Residents in Jodhpur’s Khinchan village in Rajasthan were in for a shocker on November 7 when 37 demoiselle cranes were found dead in the area. However, the nightmare straight out of a horror script was yet to fall on the avian world four days later, on November 11, when close to 1,500 migratory birds of nearly 10 species were found dead 400 kilometres from Khinchan, around Sambhar Lake near Jaipur.
The numbers have been shooting up since. Until November 20, the Rajasthan government had buried 18,422 bird carcasses to prevent the spread of infection. Some reports indicate the numbers to be over 24,000. There were carcasses of at least 32 species of waterfowl including northern shoveller, Brahminy duck, pied avocet, Kentish plover and tufted duck. The deaths were reported in Jaipur, Nagaur and Ajmer districts of Rajasthan.
While the deaths initially left the officials and the ecologists flummoxed, several possible theories for the mysterious deaths soon started emerging.
One of the possible and widely accepted reasons was avian botulism.
What is avian botulism?
Avian botulism is a neuromuscular illness of waterfowl caused by a bacterial infection. A report by the Apex Centre for Animal Disease Investigation, Monitoring and Surveillance at the College of Veterinary and Animal Science under the Rajasthan University of Veterinary and Animal Sciences (RAJUVAS), Bikaner says, “On the basis of history, epidemiological observations, classical clinical symptoms and postmortem findings, the most probable diagnosis is avian botulism. The clinical signs exhibited by affected birds included dullness, depression, anorexia, flaccid paralysis in legs and wings, and neck touching the ground.” A report by Indian Veterinary Research Institute, Bareilly, also endorsed the same.
To put it simply, this deadly bacterial infection paralyses the birds, making them unable to walk, swim or fly. The birds are unable to hold up their necks, which droop. The infection releases a toxin in the body that finally kills the bird. When an infected bird dies, the maggots that feed off it become infected. These maggots are in turn consumed by additional birds, causing a massive outbreak. The cycle continues.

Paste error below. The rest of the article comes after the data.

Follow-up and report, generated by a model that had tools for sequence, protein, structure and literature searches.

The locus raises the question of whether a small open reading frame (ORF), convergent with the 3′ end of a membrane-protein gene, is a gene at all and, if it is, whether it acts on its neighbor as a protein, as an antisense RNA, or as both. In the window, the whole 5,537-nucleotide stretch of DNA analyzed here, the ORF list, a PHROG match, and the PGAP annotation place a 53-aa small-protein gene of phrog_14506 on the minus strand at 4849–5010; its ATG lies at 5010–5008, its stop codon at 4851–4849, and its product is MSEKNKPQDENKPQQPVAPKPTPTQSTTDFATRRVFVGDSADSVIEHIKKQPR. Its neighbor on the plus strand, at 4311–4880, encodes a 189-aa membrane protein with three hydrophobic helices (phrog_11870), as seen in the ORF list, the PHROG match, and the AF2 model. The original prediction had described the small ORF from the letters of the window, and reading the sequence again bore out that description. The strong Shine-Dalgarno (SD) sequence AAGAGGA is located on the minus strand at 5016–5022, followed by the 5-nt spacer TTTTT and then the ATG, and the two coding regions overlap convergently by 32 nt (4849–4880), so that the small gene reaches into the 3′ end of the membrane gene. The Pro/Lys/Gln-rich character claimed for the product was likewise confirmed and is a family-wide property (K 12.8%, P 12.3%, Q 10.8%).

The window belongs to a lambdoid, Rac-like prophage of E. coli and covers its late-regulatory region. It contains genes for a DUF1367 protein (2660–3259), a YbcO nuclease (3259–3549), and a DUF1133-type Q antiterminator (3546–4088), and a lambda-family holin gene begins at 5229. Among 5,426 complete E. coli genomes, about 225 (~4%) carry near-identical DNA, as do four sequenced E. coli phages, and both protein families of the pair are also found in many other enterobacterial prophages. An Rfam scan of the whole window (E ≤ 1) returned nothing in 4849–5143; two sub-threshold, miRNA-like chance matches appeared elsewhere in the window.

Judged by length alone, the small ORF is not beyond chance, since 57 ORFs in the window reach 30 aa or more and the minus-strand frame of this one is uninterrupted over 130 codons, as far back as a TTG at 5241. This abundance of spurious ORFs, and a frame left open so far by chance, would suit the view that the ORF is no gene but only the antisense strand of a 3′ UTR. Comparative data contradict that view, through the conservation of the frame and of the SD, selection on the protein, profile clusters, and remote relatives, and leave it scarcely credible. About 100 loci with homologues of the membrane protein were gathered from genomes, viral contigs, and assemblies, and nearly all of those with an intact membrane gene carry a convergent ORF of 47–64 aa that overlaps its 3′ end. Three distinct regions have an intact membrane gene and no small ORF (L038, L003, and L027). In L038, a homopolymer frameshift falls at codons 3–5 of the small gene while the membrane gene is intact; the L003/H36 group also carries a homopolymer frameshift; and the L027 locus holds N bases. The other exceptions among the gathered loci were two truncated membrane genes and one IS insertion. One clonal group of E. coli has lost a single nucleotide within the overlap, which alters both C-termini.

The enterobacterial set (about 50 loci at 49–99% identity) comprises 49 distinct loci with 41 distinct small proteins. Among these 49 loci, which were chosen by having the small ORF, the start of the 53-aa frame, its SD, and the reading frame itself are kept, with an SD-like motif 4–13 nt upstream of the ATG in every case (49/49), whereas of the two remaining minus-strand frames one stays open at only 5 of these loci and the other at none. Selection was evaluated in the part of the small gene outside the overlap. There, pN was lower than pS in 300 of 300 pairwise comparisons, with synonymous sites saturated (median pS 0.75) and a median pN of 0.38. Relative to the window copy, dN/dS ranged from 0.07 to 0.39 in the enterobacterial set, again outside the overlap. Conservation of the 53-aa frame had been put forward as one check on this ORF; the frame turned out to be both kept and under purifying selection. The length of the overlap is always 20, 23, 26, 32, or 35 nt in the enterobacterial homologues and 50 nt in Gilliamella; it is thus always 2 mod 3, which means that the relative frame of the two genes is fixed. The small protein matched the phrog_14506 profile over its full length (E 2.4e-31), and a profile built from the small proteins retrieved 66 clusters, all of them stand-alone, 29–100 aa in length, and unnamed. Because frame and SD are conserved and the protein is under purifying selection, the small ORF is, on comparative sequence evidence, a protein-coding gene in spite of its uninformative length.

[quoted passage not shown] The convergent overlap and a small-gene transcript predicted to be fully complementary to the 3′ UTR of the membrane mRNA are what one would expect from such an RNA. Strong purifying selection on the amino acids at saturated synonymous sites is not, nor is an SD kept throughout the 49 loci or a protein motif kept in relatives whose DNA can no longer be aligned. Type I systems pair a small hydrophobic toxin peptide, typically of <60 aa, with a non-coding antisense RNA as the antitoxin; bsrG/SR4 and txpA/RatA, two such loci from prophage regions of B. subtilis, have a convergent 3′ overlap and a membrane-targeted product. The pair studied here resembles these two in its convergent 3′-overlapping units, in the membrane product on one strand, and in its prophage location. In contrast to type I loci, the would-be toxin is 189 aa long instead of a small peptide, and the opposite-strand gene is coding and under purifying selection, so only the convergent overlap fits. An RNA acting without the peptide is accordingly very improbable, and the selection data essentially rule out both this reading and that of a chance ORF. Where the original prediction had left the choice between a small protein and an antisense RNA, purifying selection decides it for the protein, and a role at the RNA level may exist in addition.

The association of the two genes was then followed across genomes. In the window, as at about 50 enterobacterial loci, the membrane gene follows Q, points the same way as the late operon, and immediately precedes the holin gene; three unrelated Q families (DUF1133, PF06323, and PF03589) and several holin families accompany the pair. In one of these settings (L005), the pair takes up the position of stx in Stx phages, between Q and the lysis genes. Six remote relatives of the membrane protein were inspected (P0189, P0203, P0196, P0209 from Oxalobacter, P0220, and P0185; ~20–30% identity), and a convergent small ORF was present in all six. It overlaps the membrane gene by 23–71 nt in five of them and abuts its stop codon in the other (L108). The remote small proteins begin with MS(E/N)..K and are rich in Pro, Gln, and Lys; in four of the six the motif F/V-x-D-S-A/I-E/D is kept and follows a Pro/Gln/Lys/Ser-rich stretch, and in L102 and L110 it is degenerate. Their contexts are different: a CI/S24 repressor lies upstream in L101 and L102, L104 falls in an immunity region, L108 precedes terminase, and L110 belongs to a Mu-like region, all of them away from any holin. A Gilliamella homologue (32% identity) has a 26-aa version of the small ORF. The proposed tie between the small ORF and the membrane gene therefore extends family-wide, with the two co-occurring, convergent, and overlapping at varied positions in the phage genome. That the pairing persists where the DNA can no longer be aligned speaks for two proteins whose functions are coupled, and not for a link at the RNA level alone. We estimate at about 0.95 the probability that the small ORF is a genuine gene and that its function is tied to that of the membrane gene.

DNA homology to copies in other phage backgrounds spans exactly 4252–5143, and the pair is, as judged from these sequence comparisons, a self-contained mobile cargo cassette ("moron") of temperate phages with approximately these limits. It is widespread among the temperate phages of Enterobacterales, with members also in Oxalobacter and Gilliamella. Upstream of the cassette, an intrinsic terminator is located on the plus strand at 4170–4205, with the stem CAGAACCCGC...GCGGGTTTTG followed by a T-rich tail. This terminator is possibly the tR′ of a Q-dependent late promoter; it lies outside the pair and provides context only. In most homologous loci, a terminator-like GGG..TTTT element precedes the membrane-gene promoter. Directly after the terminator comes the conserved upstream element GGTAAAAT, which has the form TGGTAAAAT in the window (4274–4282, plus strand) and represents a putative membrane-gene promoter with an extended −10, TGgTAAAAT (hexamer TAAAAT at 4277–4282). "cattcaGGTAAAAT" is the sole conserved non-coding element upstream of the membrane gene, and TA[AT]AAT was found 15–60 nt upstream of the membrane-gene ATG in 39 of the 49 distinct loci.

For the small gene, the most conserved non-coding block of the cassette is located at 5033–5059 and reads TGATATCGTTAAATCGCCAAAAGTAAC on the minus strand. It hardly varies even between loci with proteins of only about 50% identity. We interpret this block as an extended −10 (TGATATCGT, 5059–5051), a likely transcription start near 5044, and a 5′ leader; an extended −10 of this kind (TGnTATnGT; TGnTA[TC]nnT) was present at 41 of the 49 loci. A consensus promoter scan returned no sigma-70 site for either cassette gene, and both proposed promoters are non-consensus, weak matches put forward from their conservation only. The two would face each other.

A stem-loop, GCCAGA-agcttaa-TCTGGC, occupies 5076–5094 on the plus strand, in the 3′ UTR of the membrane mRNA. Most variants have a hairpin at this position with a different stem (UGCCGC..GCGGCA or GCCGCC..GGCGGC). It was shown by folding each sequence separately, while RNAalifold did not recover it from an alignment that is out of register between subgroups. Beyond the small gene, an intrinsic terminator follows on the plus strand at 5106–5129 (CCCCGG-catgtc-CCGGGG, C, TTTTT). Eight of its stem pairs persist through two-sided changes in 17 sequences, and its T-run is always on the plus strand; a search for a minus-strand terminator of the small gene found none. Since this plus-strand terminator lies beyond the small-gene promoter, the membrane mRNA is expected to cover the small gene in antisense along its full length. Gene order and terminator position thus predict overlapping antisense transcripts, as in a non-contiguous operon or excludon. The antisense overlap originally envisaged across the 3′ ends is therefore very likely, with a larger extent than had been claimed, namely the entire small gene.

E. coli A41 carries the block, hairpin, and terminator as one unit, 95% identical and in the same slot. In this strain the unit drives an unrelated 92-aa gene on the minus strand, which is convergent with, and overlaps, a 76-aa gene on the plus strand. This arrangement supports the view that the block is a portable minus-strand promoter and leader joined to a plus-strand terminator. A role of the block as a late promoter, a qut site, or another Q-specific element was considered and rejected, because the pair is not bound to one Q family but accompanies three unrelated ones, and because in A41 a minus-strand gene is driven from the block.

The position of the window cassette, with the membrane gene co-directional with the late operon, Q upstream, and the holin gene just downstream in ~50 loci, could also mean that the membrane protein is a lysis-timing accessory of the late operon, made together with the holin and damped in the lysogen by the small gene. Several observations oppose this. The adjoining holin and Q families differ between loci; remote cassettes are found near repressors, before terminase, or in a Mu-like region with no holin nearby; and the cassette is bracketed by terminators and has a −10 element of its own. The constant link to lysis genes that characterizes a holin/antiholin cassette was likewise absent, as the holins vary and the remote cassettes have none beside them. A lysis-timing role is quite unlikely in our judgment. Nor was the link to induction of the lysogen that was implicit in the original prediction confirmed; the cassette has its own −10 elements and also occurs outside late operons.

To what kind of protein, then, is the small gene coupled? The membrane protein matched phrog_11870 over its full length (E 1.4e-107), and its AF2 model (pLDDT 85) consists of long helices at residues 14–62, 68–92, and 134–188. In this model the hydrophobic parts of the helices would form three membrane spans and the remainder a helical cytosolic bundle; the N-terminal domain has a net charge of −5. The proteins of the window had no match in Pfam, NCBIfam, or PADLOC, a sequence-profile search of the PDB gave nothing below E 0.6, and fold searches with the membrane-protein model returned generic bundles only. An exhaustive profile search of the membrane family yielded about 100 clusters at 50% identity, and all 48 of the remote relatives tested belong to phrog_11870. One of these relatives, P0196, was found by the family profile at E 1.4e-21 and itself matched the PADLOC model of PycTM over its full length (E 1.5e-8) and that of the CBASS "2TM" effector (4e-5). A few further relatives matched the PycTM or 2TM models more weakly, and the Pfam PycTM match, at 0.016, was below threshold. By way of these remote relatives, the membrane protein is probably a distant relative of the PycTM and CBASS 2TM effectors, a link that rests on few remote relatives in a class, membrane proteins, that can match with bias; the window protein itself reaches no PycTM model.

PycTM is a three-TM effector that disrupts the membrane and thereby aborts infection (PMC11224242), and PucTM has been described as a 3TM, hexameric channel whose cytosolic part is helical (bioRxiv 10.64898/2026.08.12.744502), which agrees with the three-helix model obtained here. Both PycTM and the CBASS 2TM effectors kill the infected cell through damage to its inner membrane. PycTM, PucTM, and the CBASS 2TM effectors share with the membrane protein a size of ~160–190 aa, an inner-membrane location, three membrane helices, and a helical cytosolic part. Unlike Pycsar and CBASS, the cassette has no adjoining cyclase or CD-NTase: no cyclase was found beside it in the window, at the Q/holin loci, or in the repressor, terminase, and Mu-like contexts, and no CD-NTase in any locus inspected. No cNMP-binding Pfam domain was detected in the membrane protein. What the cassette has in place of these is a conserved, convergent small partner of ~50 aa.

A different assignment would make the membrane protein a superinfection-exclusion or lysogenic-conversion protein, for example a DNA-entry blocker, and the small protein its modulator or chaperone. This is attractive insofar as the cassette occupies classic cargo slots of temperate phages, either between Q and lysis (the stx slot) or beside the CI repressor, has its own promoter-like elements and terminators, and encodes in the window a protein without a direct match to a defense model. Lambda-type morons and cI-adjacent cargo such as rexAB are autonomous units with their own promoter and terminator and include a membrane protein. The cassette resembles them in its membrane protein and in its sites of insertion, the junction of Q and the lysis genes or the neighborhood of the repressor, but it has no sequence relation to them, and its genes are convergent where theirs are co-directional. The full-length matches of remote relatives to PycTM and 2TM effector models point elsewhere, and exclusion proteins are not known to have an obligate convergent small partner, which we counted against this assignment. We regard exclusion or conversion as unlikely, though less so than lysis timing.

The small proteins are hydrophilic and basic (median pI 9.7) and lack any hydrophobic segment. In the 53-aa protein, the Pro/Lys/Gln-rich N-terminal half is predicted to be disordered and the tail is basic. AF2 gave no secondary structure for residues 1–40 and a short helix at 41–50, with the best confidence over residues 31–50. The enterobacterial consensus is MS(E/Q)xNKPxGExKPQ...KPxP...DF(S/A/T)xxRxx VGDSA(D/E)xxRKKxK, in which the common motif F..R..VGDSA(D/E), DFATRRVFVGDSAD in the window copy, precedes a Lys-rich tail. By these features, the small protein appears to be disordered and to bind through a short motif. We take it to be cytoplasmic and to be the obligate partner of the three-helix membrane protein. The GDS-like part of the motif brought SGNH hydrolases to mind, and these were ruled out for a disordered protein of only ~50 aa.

The Sambhar saga
Sambhar Lake is the country’s largest inland saltwater lake and is the source of around 9% of India’s salt production. Following the mass death of birds, the salt commissioner has reportedly directed Hindustan Salts Ltd (HSL), a government of India enterprise and the legal authority for salt production, to stop the dispatch of salt produced from the outbreak locations. The production has been stalled to ascertain that the salt produced is safe for human consumption.
However, Sambhar Lake is also peppered by hundreds of illegal salt mines.
In 2016, the National Green Tribunal (NGT) had instructed the state government to cancel the allotment of any more salt pans after studies showed the adverse impact of the salt industry on the ecosystem. Hundreds of these salt pans were unauthorised, to begin with.
Story of salinity
Heavy rains that lashed northern India this July reduced the salinity of the lake. However, when the water evaporated, it increased the salinity around the edges of the lake bed. The bacteria that caused the present outbreak — C. botulinum — is an anaerobic bacterium, meaning it can grow and produce toxins only in the absence of oxygen. The low-levels of warm, saline water in the lake is further estimated by ecologists to have provided an ideal location for the manifestation of botulism.
This means that the government will have to take immediate steps to clean up and disinfect the entire Sambhar Lake — for human and avian health.
Sambhar Lake was designated a UNESCO Ramsar site (recognised wetland of international importance) in 1990 as it is a key wintering area for migratory birds.
According to news reports, the environment ministry had started the process of preparing a health index of 100 major wetlands in India in August this year. The conclusive report of the findings will be released in December. Initial findings indicate that Sambhar Lake has got the lowest rating, falling in “E” category (ratings are between “A” being the best and “E” being the worst) implying that it needs "radical improvement" in the management of the ecosystems for aquatic life to survive.
Plea on deaf ears?
As of now, further assessments are being carried out at the IVRI, Wildlife Institute of India (WII) in Dehradun, Salim Ali Centre for Ornithology and Natural History (SACON) in Coimbatore and Bombay Natural History Society (BNHS) in Mumbai to understand and contain the outbreak. Rajasthan Chief Minister Ashok Gehlot has been monitoring the situation, and government officials, including the forest and health departments, are working round the clock to contain the damage.
However, Sambhar Lake is crying for a long-term, sustainable solution to survive. Will the administration be able to hear it?